The subject of much writing is what value you can bring to a company in order to land that dream job and remain in that dream job over time. However an interview or an employer/employee relationship is not a one way street in regards adding value. The value a company brings to you should be closely considered not just at an interview stage but continuously throughout your career.
What are your prime motivations and objectives are in regards your career and how does a particular company add value to these objectives?
Maslow’s now famous hierarchy of needs claim that people require basic needs such as food, shelter and security satisfied first before they more onto other motivations such as love/belonging, self-esteem and finally onto the summit of the pyramid which is self-actualisation(where you meet your full potential).
For some, security of tenure is the main motivator. This is particularly true when an economy is in contraction and jobs are at a premium. In this adverse economic environment many will say that “it doesn’t matter what job I have as long as it is stable one and I can pay the bills”. Even in booming economies a certain percentage will always have this as their prime motivation due in many cases to high levels of personal debt, a large number of dependants or a feat that we may re-enter a recessionary period in the near future.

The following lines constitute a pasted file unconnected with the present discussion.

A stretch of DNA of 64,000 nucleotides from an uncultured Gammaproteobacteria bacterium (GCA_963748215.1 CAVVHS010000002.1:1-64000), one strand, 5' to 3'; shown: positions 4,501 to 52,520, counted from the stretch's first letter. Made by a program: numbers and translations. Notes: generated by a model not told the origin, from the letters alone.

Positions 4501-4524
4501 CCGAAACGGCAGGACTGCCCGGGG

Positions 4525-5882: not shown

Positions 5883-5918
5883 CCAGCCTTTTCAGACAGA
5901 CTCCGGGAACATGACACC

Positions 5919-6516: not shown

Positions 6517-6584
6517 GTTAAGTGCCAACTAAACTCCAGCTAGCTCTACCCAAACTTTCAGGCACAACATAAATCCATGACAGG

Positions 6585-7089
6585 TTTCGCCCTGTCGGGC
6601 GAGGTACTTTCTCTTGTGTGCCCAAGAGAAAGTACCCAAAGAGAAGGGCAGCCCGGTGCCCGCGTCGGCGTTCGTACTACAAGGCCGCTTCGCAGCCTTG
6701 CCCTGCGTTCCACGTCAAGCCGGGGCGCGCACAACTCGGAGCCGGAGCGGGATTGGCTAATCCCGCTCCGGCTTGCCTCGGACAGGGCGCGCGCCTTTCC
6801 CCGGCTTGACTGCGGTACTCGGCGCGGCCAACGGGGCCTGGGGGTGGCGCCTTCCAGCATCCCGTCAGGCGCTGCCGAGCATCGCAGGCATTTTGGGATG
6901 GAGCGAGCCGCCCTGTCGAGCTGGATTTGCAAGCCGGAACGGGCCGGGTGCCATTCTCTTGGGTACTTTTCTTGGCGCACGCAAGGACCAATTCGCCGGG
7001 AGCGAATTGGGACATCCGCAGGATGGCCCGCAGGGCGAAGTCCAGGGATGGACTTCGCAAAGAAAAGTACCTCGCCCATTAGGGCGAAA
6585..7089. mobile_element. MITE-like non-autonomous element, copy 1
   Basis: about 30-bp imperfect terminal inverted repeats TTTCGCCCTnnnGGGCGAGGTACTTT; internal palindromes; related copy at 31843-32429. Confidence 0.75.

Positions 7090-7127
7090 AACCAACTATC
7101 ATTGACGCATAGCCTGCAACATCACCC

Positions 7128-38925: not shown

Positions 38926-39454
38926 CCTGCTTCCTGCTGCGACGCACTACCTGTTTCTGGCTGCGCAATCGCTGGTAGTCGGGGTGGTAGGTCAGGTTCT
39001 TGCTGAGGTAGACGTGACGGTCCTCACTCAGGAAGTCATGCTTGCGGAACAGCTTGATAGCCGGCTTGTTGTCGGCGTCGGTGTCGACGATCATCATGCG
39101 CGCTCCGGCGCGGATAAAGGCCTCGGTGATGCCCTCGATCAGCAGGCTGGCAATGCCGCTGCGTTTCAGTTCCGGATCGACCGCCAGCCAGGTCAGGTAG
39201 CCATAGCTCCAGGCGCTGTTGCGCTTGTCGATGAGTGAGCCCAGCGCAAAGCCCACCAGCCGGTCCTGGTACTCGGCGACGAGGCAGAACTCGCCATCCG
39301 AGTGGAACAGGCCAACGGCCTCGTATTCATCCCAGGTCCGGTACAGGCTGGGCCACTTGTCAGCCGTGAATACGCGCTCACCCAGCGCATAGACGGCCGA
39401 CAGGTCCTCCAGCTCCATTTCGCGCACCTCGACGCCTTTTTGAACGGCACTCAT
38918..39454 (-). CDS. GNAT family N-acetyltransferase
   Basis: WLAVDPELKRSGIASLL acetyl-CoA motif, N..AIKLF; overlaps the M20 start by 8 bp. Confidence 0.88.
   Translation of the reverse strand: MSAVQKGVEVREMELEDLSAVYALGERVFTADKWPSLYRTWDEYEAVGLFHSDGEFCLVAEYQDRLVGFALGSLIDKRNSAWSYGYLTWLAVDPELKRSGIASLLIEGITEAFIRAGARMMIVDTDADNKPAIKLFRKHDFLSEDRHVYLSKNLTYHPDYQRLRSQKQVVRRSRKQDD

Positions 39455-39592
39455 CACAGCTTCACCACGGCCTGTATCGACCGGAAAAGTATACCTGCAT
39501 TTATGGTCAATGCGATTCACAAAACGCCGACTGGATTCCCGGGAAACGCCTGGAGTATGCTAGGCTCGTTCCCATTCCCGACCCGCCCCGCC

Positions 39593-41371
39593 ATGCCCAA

For others the prime motivation is self-actualisation; the satisfaction you get when you are using your skills and experience to their full potential and food, shelter and security is only a secondary consideration. This is particularly true in booming economies where the overall consumer sentiment is particularly high, just like Ireland at the moment.
One you have identified your core motivations in regards your career you should then evaluate whether your current employer is adding value to these objectives. If the results of this evaluation clearly show that your current employer is not adding value to your career objectives, then you should consider a career move.
The challenge for employers is to identify which tiers different employees are on Maslow’s hierarchy and how to ensure these need are satisfied in order to prevent a large employee churn.